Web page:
Female entrepreneurs can do with this support. Today, just around 14% of all Indian businesses are run by women, and many female professionals still battle workplace-related issues that deter them from pursuing their careers. It’s this segment that Wsquare is targeting. In the last eight months, over 150 women have registered to use the co-working facility, around 80% of whom are entrepreneurs. The rest are students, researchers, freelance professionals, or remote employees of large companies.
alexsl / istock
Infosys, India’s second-largest IT services and outsourcing company, announced on Tuesday that it would hire 10,000 Americans over the next two years, Madhura Karnik reports at Quartz, ostensibly in response to the Trump administration’s desire to crack down on the use of H-1B skilled worker visas:
The Bengaluru-based firm will also set up four technology and innovation hubs across the US, Infosys said in the release. The first one will be opened in Indiana in August and is expected to create 2,000 jobs by 2021.
“In helping our clients improve their businesses and pursue new kinds of opportunities, we are really excited to bring innovation and education in a fundamental and massive way to American workers,” Infosys CEO Vishal Sikka said in the release. “Since joining Infosys nearly three years ago, it has been my personal endeavor to help us get much closer to our clients, to co-innovate with them, on their most important business problems,” he added. Other IT companies, too, have been preparing to deal with the H-1B issue, filing fewer visa applications and increasing local hiring.
While the administration has yet to make any changes to the rules governing the distribution of H-1Bs, it has threatened to prosecute employers who overlook American workers and hire H-1B visa holders instead. US President Donald Trump has been sharply critical of the visa program, and there is bipartisan consensus in Congress that it is in need of some kind of reform. This has been unwelcome news for Indian IT professionals and the outsourcing companies that employ them by the hundreds of thousands, which take the lion’s share of H-1B visas each year.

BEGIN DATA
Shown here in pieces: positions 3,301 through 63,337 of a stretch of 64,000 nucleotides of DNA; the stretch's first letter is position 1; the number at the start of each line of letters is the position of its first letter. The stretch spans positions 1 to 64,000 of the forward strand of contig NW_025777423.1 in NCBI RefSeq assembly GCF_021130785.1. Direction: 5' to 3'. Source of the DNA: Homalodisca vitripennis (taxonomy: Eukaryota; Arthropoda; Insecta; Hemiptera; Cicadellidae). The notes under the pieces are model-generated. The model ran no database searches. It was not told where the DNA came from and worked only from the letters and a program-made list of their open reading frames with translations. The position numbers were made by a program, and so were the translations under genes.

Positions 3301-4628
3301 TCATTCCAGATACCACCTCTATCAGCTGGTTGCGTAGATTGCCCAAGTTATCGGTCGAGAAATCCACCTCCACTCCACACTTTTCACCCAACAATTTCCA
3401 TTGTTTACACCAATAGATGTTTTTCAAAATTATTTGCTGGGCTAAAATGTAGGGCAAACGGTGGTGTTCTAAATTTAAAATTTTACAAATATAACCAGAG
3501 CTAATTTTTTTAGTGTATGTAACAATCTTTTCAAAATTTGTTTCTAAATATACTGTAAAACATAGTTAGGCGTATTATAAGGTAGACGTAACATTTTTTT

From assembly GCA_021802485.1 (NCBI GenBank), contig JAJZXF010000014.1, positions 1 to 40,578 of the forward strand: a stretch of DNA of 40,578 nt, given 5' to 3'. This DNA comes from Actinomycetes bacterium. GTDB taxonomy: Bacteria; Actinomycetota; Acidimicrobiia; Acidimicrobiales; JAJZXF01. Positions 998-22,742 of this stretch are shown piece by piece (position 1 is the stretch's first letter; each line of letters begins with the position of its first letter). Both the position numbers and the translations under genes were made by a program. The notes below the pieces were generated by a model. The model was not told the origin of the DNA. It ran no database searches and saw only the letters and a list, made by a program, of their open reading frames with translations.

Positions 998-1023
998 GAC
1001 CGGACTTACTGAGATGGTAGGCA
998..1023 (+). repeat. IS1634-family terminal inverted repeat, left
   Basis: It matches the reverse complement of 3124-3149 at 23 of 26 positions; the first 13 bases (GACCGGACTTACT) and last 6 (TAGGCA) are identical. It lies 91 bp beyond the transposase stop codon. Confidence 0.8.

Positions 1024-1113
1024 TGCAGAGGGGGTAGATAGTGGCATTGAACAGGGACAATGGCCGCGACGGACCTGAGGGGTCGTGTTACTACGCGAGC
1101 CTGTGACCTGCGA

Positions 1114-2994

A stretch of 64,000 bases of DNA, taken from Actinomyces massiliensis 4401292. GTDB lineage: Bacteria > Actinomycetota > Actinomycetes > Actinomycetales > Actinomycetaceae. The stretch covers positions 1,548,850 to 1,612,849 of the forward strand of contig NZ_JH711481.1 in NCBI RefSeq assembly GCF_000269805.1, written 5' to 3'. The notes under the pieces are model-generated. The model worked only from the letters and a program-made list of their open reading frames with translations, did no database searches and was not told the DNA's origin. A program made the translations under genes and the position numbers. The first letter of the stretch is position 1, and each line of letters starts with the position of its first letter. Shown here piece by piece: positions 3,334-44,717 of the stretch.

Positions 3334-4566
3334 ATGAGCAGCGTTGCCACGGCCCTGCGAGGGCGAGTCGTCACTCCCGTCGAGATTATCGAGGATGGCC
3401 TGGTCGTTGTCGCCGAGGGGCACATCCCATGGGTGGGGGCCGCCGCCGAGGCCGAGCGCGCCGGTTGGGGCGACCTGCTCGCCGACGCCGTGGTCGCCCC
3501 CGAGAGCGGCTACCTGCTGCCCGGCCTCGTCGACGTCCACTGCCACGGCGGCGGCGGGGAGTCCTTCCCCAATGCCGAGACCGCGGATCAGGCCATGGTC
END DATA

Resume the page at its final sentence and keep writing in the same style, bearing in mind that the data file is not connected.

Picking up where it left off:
Nonetheless, Infosys says the decision was a long time in the making, and not a reaction to Trump’s policy agenda, Wired’s Issie Lapowsky observes:
Toward the end of 2015, the Indian government introduced legislation to increase the statutory amount of paid maternity leave employers must offer new mothers from 12 to 26 weeks for all organizations with more than 10 employees; winding its way slowly through the legislature, the bill was approved by the upper house of parliament in August and cleared its final legislative hurdle when the lower house passed it last Thursday, which as the Times of India notes will give India the world’s third largest paid leave mandate for new mothers, after Canada’s 50 weeks and Norway’s 44.
Mothers are eligible for the full 26 weeks’ leave only after adding the first two children to their family, however; women having a third child are entitled to only 12 weeks, as are those who become mothers through adoption or surrogacy. The bill also directs employers to offer work-from-home options to mothers on their staff if the nature of the work permits it, and mandates that enterprises with 50 or more employees provide access to creches or daycare facilities for working mothers.
The law does not address paternity leave, but the Times points out that the subject came up in the parliamentary debate over the bill, with some MPs arguing that it would put women at a disadvantage in the job market to make paid leave mandatory for mothers and not fathers, effectively discouraging employers from hiring women for fear of having to give them extra benefits: